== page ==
WASHINGTON -- What's on the president's mind these days? We do still have a president, though it's sometimes hard to remember in our impatience to replace him.
Amid dwindling interest in anything Bush, the president called a meeting Monday of a few opinion writers. He spoke briefly about his current concerns, then opened the floor for questions. Unfortunately, little he said can be reported because it was mostly off the record. An official transcript of the 90-minute meeting was just three paragraphs.
Then again, little Bush said would qualify as newsworthy. In non-news from the White House: Bush hasn't changed his mind about anything. And he still doesn't care whether anyone likes it. Popularity has never been his muse.
The three items that made the transcript were gas prices, the Foreign Intelligence Surveillance Act (FISA) and Iraq.
Bush is concerned about gas prices and insists that we need to drill for oil in the U.S. No surprise there. He is pleased with the FISA bill recently passed by the House. The bill effectively grants immunity to phone companies that wiretap suspected terrorists, while providing greater congressional oversight.
The president stressed that our war on terror "requires us to be proactive and to prevent attacks," and that phone companies have to be protected from liability. Again, nothing new.
Finally, Bush expressed relief that initial skepticism about Iraq is beginning to fade among Middle East leaders. Bush noted that Jordan's King Abdullah II has named a new ambassador to Iraq and that other countries (the United Arab Emirates and Bahrain) plan to open embassies in Baghdad.
That's it for the record.
Off the record, Americans aren't missing much. Anyone who has followed Bush's speeches knows more or less what he said, minus an anecdote or two. Bush doesn't pull rabbits out of hats. No surprising insights spring through the parted curtain of the president's mind.
The Bush you know, in other words, is the Bush you've still got. If any "aha's" lurk unbidden, they will remain in the shadows until Bush writes his promised book. Whereupon we'll know the real story, which, one gathers, will differ significantly from other books recently in circulation.
In the meantime, a few impressions and observations from the Oval Office: Bush is dressed in a blue suit and sits slightly slouched in an armchair. The rest of us, journalists and staff, take seats among chairs and couches that form a loose circle, while a server offers tall glasses filled with ice water or Diet Coke.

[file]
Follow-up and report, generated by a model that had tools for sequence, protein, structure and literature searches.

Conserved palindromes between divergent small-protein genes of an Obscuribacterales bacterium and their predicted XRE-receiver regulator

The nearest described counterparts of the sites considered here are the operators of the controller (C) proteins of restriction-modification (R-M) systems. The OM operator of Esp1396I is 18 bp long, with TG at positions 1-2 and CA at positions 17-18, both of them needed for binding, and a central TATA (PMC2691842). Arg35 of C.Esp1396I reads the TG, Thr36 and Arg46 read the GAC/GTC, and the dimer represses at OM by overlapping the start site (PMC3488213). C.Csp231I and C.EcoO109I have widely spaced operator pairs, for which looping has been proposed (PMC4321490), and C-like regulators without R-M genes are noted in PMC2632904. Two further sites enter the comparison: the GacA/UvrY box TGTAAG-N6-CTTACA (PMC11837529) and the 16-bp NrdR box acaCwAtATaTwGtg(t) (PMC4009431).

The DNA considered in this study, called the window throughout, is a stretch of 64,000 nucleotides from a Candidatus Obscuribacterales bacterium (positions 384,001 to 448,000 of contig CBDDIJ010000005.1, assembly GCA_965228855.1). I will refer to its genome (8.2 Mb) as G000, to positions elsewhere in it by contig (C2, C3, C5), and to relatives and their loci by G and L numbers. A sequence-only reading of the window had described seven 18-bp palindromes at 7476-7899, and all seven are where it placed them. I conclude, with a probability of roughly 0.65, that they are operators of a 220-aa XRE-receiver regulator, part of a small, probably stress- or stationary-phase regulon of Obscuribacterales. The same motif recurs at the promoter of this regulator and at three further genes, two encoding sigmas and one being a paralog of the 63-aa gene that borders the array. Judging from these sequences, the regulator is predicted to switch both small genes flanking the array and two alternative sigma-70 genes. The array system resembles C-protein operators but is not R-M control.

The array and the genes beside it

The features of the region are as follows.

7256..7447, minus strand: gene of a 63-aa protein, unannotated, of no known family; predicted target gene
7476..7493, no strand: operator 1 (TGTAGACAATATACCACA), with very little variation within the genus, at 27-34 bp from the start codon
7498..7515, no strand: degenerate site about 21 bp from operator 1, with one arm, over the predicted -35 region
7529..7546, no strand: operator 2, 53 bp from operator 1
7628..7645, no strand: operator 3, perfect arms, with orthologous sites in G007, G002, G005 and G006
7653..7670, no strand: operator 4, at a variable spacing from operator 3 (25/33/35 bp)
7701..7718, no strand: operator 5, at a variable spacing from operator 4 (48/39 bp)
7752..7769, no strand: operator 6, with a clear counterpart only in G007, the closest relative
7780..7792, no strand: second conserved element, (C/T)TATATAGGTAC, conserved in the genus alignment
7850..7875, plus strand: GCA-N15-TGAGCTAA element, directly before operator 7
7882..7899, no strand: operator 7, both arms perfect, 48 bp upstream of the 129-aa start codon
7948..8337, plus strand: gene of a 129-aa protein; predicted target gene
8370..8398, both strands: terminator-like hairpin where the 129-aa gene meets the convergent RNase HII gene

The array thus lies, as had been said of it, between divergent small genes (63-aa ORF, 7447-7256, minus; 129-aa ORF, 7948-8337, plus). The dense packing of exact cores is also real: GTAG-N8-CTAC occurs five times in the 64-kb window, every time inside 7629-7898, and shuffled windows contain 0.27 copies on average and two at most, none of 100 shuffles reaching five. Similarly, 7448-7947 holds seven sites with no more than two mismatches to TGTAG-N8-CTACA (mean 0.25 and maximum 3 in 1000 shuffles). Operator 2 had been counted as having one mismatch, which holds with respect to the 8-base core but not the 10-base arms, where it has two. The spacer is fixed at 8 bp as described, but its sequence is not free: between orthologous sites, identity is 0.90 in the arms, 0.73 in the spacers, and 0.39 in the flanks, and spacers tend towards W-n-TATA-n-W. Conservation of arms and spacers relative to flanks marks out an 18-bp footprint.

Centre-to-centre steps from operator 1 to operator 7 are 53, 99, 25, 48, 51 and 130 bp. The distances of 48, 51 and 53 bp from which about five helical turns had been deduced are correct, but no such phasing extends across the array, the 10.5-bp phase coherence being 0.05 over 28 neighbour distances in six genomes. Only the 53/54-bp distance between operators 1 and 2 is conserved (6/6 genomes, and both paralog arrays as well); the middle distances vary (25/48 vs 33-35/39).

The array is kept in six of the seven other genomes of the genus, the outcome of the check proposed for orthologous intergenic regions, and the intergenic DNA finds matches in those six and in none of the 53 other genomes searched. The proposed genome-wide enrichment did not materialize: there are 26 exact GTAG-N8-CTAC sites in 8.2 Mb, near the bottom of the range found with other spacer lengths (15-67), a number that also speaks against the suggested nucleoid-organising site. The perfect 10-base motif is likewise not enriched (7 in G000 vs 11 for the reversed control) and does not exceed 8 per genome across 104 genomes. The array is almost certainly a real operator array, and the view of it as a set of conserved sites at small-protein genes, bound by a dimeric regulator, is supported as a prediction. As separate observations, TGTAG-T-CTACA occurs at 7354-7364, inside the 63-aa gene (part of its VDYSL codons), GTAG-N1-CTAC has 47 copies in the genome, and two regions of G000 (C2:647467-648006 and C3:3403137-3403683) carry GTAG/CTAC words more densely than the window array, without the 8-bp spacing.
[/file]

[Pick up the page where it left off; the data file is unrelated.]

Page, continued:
As Bush talks, he scratches his head, noisily chomps his ice, and occasionally flutters his lips with a loud exhalation the way horses do. Is that a snort or a nicker? Whatever the technical term, it sounds like frustration mixed with ennui.
As in, how many times do we have to go through this? We're at war. An ideological struggle. A fight for civilization. Et cetera, et cetera. Despite his insistence that he is "sprinting toward the finish," Bush seems weary, if also characteristically optimistic.
Is he completely out of touch with reality, as Bush-bashers insist? Or does he know something the rest of us don't?
Observing Bush the past seven and a half years has been like watching a variation of David Mamet's "Oleanna." In the play, two people share the exact same experience, yet have completely different interpretations of what occurred.
Bush looks out his window and sees an ideological clash that America must win, by pre-emption if necessary, while a majority of Americans see an unnecessary war. While Bush is confident that the future will feature a free, peaceful and democratic Middle East, and is content to let history judge him, the rest of the world wants a new play. And fast.
Whatever one's view, Bush believes -- as he told me on another occasion -- that the next president, once he reviews the intelligence, will see what Bush sees. That shared view, the president implied, will make it less easy for his successor to condemn Bush's decisions.
Or, presumably, to dramatically change course.
Whether Bush is right remains to be seen, but the Mamet analogy, meanwhile, may prove more prophetic than merely ironic. The title "Oleanna" comes from a 19th-century Norwegian folk song, popularized by Pete Seeger, that was a critique of a utopian society where "wheat and corn just plant themselves/Then grow a good four feet a day/While on your bed you rest yourself."
A president can dream, can't he?